« Charles Freeman, the right man in the right job at the NIC | Main | Are we serious about Syria? »

03 March 2009


Feed You can follow this conversation by subscribing to the comment feed for this post.



This article 'ties in' with the one you mentioned regarding Israel/Ross messing things up ----

Israel to present Clinton with 'red lines' on talks with Iran

The Israeli state wants to dictate U.S. policy on Iran. Israel will do that through their shill Dennis Ross, Clinton's envoy/adviser for Iran.

Cato the Censor

Obama's policy concerning the Middle East (with the notable exception of Iraq) seems to be about as confused and wrong-headed as his policy with respect to the large banks in this country.



I'm going to stick my neck out and respond immediately, if not first:

1- I agree with your synthesis, and it's not encouraging. In a comment to your previous post, I suggested that it would be powerful to see Freeman and Ross standing behind Obama when policy concerning the Middle East is presented, but I agree that Aaron David Miller would have been a better choice... and it seems, in any case, that Ross is hiding behind Hillary...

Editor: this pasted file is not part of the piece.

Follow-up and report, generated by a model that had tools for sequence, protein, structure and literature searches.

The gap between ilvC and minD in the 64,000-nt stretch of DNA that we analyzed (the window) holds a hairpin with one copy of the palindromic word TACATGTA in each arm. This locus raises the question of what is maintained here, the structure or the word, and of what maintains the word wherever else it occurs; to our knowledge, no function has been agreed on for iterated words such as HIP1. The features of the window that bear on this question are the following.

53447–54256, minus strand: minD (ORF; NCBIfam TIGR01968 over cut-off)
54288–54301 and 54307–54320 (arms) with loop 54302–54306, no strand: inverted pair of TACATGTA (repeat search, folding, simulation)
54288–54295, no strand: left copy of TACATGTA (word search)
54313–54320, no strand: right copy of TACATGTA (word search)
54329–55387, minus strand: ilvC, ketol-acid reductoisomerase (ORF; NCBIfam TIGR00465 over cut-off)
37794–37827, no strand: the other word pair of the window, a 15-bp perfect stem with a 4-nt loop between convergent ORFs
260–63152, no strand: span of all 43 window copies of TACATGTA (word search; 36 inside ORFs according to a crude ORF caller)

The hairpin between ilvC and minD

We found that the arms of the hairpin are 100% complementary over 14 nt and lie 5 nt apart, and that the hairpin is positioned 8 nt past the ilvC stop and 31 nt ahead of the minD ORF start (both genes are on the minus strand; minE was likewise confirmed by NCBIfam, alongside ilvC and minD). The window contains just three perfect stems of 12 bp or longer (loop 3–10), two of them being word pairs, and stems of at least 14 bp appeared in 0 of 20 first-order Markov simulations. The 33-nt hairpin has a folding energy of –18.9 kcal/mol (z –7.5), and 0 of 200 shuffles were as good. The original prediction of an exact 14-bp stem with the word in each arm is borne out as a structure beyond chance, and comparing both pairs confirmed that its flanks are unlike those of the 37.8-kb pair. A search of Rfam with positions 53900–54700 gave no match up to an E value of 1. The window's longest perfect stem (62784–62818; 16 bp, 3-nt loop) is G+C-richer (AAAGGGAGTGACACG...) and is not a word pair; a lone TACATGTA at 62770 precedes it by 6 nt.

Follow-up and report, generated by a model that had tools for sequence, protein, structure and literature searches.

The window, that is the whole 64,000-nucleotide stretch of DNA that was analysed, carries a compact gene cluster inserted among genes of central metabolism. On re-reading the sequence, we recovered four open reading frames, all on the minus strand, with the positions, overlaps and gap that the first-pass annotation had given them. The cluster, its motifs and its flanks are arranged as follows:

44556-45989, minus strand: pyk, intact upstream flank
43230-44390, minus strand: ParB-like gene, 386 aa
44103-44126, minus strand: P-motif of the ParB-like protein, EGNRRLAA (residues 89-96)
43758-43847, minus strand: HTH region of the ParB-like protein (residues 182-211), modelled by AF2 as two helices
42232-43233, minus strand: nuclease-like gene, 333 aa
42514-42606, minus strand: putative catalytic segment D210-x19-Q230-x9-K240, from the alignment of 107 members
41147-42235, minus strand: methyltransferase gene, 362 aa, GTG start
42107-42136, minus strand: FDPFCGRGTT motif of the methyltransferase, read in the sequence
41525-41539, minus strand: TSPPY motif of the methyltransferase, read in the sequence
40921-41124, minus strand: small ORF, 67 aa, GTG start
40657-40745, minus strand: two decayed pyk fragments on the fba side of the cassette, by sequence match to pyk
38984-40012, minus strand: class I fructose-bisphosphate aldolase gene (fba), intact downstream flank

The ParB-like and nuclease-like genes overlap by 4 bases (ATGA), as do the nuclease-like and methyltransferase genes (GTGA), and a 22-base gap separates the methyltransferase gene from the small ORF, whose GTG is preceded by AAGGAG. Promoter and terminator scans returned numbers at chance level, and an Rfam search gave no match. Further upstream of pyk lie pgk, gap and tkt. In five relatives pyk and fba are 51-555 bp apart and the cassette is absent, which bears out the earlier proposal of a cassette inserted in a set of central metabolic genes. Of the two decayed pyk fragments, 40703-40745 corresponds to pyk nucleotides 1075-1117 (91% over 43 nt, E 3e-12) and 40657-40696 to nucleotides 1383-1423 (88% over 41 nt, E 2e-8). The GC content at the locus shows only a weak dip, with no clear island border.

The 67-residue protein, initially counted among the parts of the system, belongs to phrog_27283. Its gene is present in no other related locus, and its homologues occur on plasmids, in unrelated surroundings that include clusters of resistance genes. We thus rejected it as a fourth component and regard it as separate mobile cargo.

2- I know you're sincere, but I really dislike the reductionism of Zionism as one narrow and homogeneous global vision... though maybe you simply agree with my previous statement that the "good" in the historical movement has slowly but surely been marginalized and neutered by the "bad" in its post-independence ideologues...

3- I'd like to believe that this is all a lot of posturing and positioning in anticipation of "serious" negotiations, but Obama and others are so preoccupied with the domestic crises that he may be differing to Mrs. Clinton out of necessity...

All I will add is that I hope that George Mitchell and ADM get their four cents in sometime soon. Israel is going to have to find a path to coexistence with the Palestinians forever and with Iran as a regional power whether they openly leave the NPT or not...


Or the disclosure was a way of showing the USG is not operating in good faith. The Europeans and Russians can then discount our "efforts" because they were never serious.